Formatting dates is a common task when working with applications that need to display dates or store them in a specific format. In this blog post, we will explore various ways to format dates in Ruby using the built-in
Time classes and methods.
The most flexible way to format a date in Ruby is to use the strftime method, available for both
Time objects. The strftime method allows you to specify a format string containing placeholders for various date and time components, which will be replaced by their corresponding values.
Here’s an example of using strftime to format a date:
date = Date.new(2022, 12, 31) formatted_date = date.strftime("%m/%d/%Y") puts formatted_date # Output: 12/31/2022
In the example above, we’ve used the strftime method with the format string
"%m/%d/%Y" to display the date in a common US date format. You can customize the format string to include any combination of placeholders, which are specified using a percentage symbol followed by a letter.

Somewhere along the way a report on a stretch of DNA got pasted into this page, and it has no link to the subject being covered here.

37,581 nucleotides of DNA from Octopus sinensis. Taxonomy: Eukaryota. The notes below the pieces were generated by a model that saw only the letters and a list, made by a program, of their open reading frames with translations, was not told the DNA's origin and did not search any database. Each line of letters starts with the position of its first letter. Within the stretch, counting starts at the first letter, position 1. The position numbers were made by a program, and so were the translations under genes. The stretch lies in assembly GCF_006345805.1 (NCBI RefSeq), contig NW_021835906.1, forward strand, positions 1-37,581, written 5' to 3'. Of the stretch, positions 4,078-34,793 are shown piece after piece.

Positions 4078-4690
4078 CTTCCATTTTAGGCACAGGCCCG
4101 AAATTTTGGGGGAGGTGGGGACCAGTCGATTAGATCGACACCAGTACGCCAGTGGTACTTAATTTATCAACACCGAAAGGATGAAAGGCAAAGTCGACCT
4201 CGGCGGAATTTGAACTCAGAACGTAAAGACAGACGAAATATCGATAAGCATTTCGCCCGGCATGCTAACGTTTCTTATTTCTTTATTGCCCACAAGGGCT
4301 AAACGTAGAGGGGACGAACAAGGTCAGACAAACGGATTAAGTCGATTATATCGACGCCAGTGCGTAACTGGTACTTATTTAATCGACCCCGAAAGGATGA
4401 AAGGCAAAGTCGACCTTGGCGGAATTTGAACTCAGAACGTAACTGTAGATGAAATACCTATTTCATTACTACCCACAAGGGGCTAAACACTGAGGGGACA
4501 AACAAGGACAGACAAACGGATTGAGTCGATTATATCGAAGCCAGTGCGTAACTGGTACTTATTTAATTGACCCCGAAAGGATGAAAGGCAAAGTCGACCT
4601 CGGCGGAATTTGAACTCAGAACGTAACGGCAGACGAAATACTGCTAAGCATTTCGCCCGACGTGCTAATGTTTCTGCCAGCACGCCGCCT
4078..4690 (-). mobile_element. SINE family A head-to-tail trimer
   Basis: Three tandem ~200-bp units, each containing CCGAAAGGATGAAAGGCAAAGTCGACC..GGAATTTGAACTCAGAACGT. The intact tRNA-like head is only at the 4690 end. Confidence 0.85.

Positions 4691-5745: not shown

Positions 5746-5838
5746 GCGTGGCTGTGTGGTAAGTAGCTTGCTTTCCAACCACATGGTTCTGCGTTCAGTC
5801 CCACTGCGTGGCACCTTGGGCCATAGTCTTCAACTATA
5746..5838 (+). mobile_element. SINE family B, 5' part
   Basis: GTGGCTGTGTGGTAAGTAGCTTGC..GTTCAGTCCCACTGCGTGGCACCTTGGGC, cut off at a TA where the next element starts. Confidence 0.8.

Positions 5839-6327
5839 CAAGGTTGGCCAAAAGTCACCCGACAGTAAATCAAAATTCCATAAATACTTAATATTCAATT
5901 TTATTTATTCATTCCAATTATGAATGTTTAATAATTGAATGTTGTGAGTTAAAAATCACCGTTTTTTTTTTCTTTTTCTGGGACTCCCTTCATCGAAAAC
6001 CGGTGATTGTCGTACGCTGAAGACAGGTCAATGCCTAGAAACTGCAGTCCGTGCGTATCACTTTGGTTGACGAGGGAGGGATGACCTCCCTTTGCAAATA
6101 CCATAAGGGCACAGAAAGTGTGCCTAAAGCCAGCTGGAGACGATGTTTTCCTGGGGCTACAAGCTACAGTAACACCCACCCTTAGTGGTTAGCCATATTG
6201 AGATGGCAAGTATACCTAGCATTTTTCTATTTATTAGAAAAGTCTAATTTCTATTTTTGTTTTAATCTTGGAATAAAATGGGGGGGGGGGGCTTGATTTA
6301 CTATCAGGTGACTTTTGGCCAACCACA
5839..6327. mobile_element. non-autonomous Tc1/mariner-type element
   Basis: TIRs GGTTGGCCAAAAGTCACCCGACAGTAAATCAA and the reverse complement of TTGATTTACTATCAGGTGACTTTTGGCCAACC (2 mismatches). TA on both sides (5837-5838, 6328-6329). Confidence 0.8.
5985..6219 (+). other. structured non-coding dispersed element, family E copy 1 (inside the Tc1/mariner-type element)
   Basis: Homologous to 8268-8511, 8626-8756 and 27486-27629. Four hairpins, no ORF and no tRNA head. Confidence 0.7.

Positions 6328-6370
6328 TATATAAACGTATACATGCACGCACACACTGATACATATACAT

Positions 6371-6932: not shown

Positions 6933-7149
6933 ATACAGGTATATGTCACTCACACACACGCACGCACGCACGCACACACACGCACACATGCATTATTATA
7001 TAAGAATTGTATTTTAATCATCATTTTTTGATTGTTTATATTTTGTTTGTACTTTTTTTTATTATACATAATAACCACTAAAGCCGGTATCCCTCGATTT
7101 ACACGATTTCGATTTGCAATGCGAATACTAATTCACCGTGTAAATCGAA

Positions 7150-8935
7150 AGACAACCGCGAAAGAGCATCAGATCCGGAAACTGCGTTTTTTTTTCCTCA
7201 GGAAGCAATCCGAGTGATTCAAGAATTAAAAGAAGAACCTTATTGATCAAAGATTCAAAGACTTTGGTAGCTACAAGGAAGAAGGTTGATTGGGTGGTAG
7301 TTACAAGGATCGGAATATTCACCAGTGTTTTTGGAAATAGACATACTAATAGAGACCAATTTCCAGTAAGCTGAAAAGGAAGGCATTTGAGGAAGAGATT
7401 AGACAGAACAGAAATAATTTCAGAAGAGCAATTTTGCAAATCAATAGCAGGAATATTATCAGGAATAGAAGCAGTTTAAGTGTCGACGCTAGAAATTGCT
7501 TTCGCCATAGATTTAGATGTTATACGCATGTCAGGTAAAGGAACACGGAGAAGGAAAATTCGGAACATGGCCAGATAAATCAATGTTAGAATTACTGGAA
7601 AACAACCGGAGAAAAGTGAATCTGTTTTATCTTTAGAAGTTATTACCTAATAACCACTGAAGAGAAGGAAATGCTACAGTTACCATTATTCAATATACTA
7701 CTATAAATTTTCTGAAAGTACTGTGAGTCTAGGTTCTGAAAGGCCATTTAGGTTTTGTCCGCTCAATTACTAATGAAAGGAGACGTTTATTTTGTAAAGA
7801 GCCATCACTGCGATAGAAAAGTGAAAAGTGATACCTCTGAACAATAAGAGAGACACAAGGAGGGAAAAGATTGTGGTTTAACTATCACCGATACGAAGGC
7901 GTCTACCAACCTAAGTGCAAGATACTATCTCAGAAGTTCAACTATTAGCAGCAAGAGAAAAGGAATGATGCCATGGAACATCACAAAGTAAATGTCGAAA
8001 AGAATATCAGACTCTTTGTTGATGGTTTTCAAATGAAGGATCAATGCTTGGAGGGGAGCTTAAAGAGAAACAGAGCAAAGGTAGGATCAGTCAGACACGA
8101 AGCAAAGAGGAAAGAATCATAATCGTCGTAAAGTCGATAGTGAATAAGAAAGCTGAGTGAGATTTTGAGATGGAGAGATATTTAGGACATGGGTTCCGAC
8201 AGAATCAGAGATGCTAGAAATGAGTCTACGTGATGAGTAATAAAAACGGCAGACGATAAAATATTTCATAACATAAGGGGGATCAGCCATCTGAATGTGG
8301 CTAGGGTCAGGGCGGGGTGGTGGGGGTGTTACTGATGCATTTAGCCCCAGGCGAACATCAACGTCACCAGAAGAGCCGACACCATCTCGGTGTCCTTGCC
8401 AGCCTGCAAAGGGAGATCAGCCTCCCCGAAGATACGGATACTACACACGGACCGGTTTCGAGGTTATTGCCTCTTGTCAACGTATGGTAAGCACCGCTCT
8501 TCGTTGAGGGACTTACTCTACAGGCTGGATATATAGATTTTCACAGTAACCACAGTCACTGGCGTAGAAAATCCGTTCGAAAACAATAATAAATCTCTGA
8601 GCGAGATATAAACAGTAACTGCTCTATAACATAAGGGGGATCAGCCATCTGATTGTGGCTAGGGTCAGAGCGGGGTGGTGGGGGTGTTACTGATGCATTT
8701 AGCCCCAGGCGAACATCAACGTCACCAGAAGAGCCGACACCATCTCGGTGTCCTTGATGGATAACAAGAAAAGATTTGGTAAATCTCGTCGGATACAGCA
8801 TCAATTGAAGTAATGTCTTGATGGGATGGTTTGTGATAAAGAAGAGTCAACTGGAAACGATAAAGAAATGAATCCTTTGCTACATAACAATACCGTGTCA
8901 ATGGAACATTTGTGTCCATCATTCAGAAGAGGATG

Some common placeholders include:
%Y– year with century (e.g., 2022)
%y– year without century (e.g., 22)
%m– month (01-12)
%d– day of the month (01-31)
%H– hour (00-23)
%M– minute (00-59)
%S– second (00-60)
Using to_s and other built-in formatting methods
In addition to strftime, Ruby provides several built-in methods for commonly used date formats. For example, the to_s method, when called on a
Date object, returns the date in the format
Here’s an example:
date = Date.new(2022, 12, 31) formatted_date = date.to_s puts formatted_date # Output: 2022-12-31
Time class also provides methods like ctime and asctime to return a formatted string representing the date and time.
time = Time.new(2022, 12, 31, 12, 34, 56) formatted_time = time.ctime puts formatted_time # Output: Fri Dec 31 12:34:56 2022
In this blog post, we’ve explored how to format dates in Ruby using the strftime method and other built-in methods such as to_s and ctime. By utilizing these methods, you can easily display dates and times in any desired format to meet the needs of your application.